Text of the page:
The WHO’s main investigator indicated that enquiries have come to a “dead end” due to a lack of information from the Indian authorities and the manufacturer when questioned about the allegation that there was a middleman in the supply chain.

“If you ask and you don’t get informed, it’s a dead end,” said Rutendo Kuwana, the WHO’s team head for events involving substandard and counterfeit medications, in an interview with Reuters on March 31.

This week, a WHO representative stated that the only information the organisation has so far from Indian authorities is that Goel purchased propylene glycol from SKC.

However, no documentation of the transactions was given. The WHO claimed that it had likewise been unsuccessful in getting the Korean authority to validate that transaction.

An inquiry for comments was not answered by the Korean regulatory body.

The Indian regulatory body claimed that it obtained its knowledge of the raw materials from certificates of analysis (COAs), which are the common documents used to trace each component in a drug supply chain.

Maiden said purchased raw ingredients from “certified and reputable companies.”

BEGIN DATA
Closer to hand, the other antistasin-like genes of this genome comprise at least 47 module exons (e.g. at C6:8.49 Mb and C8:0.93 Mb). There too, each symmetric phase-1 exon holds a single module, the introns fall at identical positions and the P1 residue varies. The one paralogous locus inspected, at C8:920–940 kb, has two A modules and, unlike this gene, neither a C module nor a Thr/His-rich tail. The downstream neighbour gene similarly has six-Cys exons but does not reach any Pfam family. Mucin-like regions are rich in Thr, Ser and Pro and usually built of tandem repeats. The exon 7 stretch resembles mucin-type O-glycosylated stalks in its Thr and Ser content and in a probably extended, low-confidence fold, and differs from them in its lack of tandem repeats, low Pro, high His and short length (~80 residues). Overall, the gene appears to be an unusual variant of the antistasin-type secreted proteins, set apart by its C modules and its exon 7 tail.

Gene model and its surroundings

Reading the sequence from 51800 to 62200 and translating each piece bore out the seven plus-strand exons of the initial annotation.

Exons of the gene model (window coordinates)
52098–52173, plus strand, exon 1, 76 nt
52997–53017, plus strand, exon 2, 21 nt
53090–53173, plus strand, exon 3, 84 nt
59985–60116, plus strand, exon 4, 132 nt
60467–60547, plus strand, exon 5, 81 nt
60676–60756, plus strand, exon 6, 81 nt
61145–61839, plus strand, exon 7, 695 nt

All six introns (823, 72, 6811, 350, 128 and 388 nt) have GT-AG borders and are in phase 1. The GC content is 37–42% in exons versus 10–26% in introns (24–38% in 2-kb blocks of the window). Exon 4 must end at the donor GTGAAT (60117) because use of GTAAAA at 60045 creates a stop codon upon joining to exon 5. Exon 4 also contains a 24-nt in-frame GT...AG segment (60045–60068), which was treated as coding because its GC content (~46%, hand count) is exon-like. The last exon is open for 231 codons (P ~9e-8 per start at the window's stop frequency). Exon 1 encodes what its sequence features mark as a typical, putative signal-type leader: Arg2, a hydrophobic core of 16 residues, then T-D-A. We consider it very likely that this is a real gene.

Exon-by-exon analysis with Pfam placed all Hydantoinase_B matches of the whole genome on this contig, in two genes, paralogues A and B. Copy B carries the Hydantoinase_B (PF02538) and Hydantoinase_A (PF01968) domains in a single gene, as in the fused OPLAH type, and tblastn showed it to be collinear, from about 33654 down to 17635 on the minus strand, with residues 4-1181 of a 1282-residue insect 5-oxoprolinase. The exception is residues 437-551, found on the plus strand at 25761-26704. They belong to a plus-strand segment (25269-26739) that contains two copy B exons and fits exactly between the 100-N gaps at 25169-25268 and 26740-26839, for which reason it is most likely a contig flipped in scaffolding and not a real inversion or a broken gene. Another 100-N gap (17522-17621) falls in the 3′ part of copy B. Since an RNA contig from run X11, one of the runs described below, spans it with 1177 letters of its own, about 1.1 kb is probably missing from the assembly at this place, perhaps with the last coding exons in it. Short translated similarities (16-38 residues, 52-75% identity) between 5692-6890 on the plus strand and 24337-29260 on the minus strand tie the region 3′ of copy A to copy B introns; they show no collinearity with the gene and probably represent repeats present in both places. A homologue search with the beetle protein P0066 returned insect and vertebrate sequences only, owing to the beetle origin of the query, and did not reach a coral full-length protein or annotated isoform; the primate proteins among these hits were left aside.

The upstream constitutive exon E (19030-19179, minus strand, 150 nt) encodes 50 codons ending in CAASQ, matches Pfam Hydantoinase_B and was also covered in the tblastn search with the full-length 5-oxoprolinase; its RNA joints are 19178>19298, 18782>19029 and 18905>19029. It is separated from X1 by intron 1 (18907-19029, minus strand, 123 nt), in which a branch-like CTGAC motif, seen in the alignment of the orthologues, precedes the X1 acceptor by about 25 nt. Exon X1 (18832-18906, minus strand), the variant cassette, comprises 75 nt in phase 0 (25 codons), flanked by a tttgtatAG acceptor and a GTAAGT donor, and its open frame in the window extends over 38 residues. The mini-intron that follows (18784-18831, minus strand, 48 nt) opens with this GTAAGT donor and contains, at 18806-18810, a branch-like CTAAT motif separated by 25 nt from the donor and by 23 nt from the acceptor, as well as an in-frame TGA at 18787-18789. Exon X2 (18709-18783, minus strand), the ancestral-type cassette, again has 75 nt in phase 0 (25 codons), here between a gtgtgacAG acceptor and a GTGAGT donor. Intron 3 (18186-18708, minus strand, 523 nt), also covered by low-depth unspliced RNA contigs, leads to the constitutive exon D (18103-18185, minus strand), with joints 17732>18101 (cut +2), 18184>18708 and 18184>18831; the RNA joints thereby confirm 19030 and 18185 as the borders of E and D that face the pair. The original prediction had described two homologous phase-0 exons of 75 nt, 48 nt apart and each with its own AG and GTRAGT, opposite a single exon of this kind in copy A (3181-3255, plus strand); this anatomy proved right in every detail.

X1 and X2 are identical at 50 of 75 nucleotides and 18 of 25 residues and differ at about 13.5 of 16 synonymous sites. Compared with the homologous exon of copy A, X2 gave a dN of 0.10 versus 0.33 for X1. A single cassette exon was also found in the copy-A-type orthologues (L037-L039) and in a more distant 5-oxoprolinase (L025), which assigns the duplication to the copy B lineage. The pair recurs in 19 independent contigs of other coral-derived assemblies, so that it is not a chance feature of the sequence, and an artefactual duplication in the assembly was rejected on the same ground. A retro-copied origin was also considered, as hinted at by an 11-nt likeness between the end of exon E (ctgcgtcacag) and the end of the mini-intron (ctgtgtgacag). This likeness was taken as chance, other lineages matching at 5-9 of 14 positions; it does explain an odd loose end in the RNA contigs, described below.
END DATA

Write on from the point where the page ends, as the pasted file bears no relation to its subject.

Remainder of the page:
India’s health ministry has informed the WHO that the charges against Maiden’s syrups “adversely impacted the image” of the $41 billion pharmaceutical sector in the nation and that it does not accept responsibility for the deaths in Gambia.

Naresh Kumar Goyal, the CEO of Maiden, told Reuters in December that his company had done nothing illegal and declined to comment more for this article.

Also declining to comment was a Maiden representative in the company’s New Delhi headquarters.

The Gambia’s Medicines Control Agency added that despite its request for information following the discovery of the contaminated items, neither Maiden nor the Indian authorities had responded.

Kuwana of the WHO told Reuters that his organisation is still determined to learn what transpired with Maiden’s products.

According to notifications issued by the organisation, the WHO is also attempting to learn more about the supply chains of two further Indian pharmaceutical companies that created tainted cough syrups that were distributed in Uzbekistan, the Marshall Islands, and Micronesia.

Both businesses deny wrongdoing; however, three employees of one of them were detained by Indian police in March.

In connection with that investigation, Uzbek authorities detained four individuals in January. Requests for comment from them and the Micronesian authorities received no immediate response.

Indian Cough Syrups Violation

Maiden has a history of having production problems.

Two of its executives—Managing Director Goyal and Technical Director M.K. Sharma—were given prison terms of two and a half years in February by an Indian court for the almost ten-year-old narcotics export to Vietnam.

The court gave them one month to file an appeal; Reuters was unable to learn the case’s status.

Requests for comment from Goyal went unanswered, and neither Sharma nor his lawyer could be reached. The spokesman for Maiden chose not to respond.